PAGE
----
Scaling protection, not costs: Rethinking DDoS mitigation for the botnet era
Statistics are never taken as seriously as when they apply directly to us. Sometimes, not even then – even when we look at security-related stats.
Are we scared by DDoS stats?
When we talk about the incredible rise of Distributed Denial of Service traffic, now surpassing growth figures of any other type of traffic, fueled by the growth of IoT (and insecure IoT) and multi-hundred megabit (and even multi-gigabit) connectivity, and say that there is a rising growth potential of multi-terabit attacks, is anyone scared?
When we note that over 40% of all security incidents are DDoS-related (see Verizon Data Breach Investigations Report 2023) or that over a million botnet-controlled devices today generate over 40% of all DDoS attack traffic (see Nokia Threat Intelligence Report 2023), what does this mean and how does this affect service providers and network operators?
The answer may be simpler than expected. You must stay a few steps ahead of malicious parties and criminals. Using decades-old gigabit-scale DDoS security technology to address AI-driven botnets capable of launching DDoS attacks at a terabit scale is *not* the way forward.
Network-based DDoS security: A new generation of DDoS security for a new generation of threats
A new generation of network security threats requires a new approach to detecting and neutralizing so they affect network services and customers as minimally as possible. The new approach to network security must address all key security considerations: scalability, performance, and cost, without sacrificing one for the sake of others.
Let's take scalability, for example. Adding security capabilities to the network through overlays (equipment and management) results in a never-ending game of upgrades and field replacements.
Understanding that the only thing scaling at the traffic-scale level is the network itself, we have been proponents of network-based security, where advanced and sophisticated network elements – routers (such as Nokia Service Routers or Service Interconnect Routers, powered by FP4, FP5 or FPcx processing technology), are used to surgically and at scale remove all DDoS traffic at the network edge. This security-by-design approach enabled us to get closer to the ideal of a self-defending network, where automated DDoS defense becomes an intrinsic network capability, not an add-on feature.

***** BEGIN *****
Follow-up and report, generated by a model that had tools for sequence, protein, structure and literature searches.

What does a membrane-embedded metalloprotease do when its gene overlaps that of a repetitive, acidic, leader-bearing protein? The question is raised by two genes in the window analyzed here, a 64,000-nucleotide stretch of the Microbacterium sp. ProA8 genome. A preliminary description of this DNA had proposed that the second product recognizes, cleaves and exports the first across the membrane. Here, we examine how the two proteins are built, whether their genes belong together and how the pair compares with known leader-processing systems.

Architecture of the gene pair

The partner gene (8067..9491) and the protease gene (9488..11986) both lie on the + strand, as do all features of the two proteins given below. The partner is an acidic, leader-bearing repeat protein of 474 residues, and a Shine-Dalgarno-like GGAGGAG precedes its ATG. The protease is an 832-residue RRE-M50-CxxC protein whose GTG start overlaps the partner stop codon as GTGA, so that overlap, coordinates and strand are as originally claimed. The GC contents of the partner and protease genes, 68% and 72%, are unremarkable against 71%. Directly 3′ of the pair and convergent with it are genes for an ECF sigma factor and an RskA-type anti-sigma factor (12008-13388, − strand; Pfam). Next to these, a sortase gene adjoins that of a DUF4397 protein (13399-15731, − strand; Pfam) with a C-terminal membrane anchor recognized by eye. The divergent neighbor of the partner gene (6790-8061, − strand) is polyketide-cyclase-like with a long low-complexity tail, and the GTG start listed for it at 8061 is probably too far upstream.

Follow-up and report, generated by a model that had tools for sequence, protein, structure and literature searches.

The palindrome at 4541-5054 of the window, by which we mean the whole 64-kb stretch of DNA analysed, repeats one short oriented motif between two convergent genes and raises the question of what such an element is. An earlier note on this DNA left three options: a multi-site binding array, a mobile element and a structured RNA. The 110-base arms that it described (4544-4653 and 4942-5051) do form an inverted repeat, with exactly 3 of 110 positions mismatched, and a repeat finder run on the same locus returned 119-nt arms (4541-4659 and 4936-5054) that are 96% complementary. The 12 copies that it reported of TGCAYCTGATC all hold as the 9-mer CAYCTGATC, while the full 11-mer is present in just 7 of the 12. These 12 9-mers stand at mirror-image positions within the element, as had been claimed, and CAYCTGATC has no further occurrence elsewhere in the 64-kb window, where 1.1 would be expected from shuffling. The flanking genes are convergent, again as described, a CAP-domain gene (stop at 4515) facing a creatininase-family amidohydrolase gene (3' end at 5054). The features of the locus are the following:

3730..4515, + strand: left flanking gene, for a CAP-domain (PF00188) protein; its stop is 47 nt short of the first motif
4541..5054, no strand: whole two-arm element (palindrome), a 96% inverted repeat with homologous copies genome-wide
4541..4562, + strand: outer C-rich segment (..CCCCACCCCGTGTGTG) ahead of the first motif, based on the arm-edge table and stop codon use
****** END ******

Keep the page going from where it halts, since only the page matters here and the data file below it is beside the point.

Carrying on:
And, thanks to the great processing capabilities of FP4/FP5/FPcx network processors, there was no sacrifice – deterministic performance with multi-terabit scale was ensured under all network conditions.
Also, this approach was 65%-85% more cost-effective than traditional scrubbing center approaches.
Expanding network-based DDoS security beyond routers
But, unfortunately, things are rarely that simple. Using advanced network routers with built-in security features is not always possible.
There are cases where older routers deployed in the network do not have enough processing power to take on additional security-related tasks. And there are many cases where the organization or mode of operation of networking and security teams drives the requirement for dedicated security enforcement elements, which also need to be under the ownership and control of security teams.
They are not out of luck: the network-based security concept can be extended through a dedicated DDoS mitigation platform built with the same goals in mind – bringing the best of networking and security worlds together - on a platform powered by the latest generation of highly capable network processors, satisfying the same multi-terabit scale, deterministic performance and lower cost objectives.
To this end, we are introducing a dedicated platform for DDoS mitigation - Nokia 7750 Defender Mitigation System (DMS) – in addition to network-based security delivered by IP routers. With this expansion, our DDoS security solution (based on Deepfield Defender) provides even more flexibility for deployment, allowing service providers to offer the highest levels of DDoS protection to their customers and equip their security teams with the latest technology to fight against the new and future DDoS threats.
This deployment flexibility allows network security to expand from peering edge to all types of network edges and neutralize DDoS threats from outside (inbound DDoS) and inside (outbound DDoS) with maximum efficiency and minimal impact on the network and services.
Today's state-of-the-art technology can also help pack the needed capacity, along with performance and cost, in a compact form factor that would address other important requirements such as power consumption and sustainability.
But to get there, we must abandon the 20-year-old technology and approaches that served us well but, alas, are choking under the new types of threats, bringing the cost of security through the roof.
We must take the security-related stats seriously, too. They are sign-of-the-times, telling us that we need better security solutions for these times - and the future.